There’s an interesting irony here. We have a Japanese brand trying to encourage buyers away from the likes of BMW and Audi, to buy its own product. Which is based on a German underpinning, the Mercedes-Benz A-Class. And some of the engine choice comes from Renault. But, despite everything, this is an Infiniti.
Which means it stands out from the crowd. The distinctive styling works, and allows for plenty of room for those in the front seats.
The cabin seems well put together, and there’s plenty of adjustment in the front. However, those in the rear get a lot less room and light. To balance that, the boot is capacious. The level of tech is fine but no better, and most trim levels mean you don’t get sat-nav as standard. It’s a £1400 option.
Under the bonnet there is a range of engines from a range of sources. At the entry level, as mentioned, Renault provide the motive power. This is a 1.5-litre turbodiesel emitting 108g/km of CO2 and managing a claimed 68.9mpg. At the other end, and tested here, is a 2.2-litre turbodiesel that can manage 127g/km and 57.6mpg.
This latter unit is sourced from Mercedes, and pushes on well. Although the noise-cancelling software has some work to do, and still has some way to go as the revs rise. The engine rumble is joined by wind and tyre noise but all this sound is matched by decent performance.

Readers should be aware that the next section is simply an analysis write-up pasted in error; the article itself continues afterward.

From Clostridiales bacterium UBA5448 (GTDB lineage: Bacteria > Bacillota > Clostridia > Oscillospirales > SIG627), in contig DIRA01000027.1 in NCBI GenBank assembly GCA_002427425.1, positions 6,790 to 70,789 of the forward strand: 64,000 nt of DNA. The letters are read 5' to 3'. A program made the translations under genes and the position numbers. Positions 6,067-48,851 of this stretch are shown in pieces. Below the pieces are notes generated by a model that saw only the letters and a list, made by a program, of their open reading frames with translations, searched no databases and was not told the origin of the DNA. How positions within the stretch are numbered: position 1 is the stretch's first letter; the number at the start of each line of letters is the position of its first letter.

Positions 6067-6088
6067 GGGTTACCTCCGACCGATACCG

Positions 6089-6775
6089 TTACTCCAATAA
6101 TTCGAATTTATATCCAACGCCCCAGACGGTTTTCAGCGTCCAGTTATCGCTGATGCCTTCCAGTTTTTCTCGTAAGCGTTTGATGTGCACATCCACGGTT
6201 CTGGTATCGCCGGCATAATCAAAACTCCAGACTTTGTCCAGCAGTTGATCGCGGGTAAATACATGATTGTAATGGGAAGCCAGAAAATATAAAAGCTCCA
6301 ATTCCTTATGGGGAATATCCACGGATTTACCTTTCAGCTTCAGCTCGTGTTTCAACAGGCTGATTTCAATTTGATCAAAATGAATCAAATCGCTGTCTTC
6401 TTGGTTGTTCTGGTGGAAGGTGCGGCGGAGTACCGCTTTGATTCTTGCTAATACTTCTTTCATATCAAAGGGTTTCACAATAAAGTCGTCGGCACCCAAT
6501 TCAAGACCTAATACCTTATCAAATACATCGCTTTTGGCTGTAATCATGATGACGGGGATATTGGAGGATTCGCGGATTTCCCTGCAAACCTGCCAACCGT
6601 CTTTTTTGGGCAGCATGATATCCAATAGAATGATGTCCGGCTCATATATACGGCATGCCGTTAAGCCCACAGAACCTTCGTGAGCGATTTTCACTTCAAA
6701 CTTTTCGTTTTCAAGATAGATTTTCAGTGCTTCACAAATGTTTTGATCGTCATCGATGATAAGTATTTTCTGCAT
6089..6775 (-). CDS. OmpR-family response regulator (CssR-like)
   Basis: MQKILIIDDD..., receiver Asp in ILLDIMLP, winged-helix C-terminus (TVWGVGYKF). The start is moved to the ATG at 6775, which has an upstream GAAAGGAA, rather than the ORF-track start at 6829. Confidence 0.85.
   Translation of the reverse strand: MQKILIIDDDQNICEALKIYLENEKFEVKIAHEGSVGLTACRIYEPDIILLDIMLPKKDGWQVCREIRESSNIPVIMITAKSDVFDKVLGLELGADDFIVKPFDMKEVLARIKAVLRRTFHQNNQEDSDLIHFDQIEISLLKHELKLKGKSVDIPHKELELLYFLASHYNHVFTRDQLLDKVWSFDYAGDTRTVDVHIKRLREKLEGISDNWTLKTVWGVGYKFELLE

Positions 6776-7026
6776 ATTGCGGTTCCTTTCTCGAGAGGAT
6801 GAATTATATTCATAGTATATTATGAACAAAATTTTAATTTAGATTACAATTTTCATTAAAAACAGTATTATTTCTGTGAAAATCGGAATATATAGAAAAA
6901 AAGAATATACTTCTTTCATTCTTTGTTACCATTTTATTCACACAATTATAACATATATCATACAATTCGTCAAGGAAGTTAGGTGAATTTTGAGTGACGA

This AWD model feels quite potent, working smoothly through a seven-speed dual-clutch auto box. It works better in auto than manual mode. There are plenty of variants to choose from, and we tried both Premium Tech and Sport. The former is pretty comfortable with gentle understeer building up. However it has more body lean than feels reassuring.
The Sport variant doesn’t suffer so much from the body lean, but then that is at the expense of the ride quality. The stiffer springs and lower suspension mean you get better handling but the ride is rather compromised, with more signals from the road intruding. The steering is far from sporty. Since the performance isn’t improved this seems an option not really worth exploring.
Infiniti have given this a good shot, to produce something distinctive enough to separate it from their Germanic counterparts like the Audi A3 or the BMW 1 Series. It is different, you can tick that box. But is it better?
In terms of value for money you’d struggle to make the case. Take one major competitor, the Audi A3 Sportback 2.0 TDI 184 quattro automatic. It’s faster, cheaper, drives better and has a superior interior. That’s a tough list to beat.
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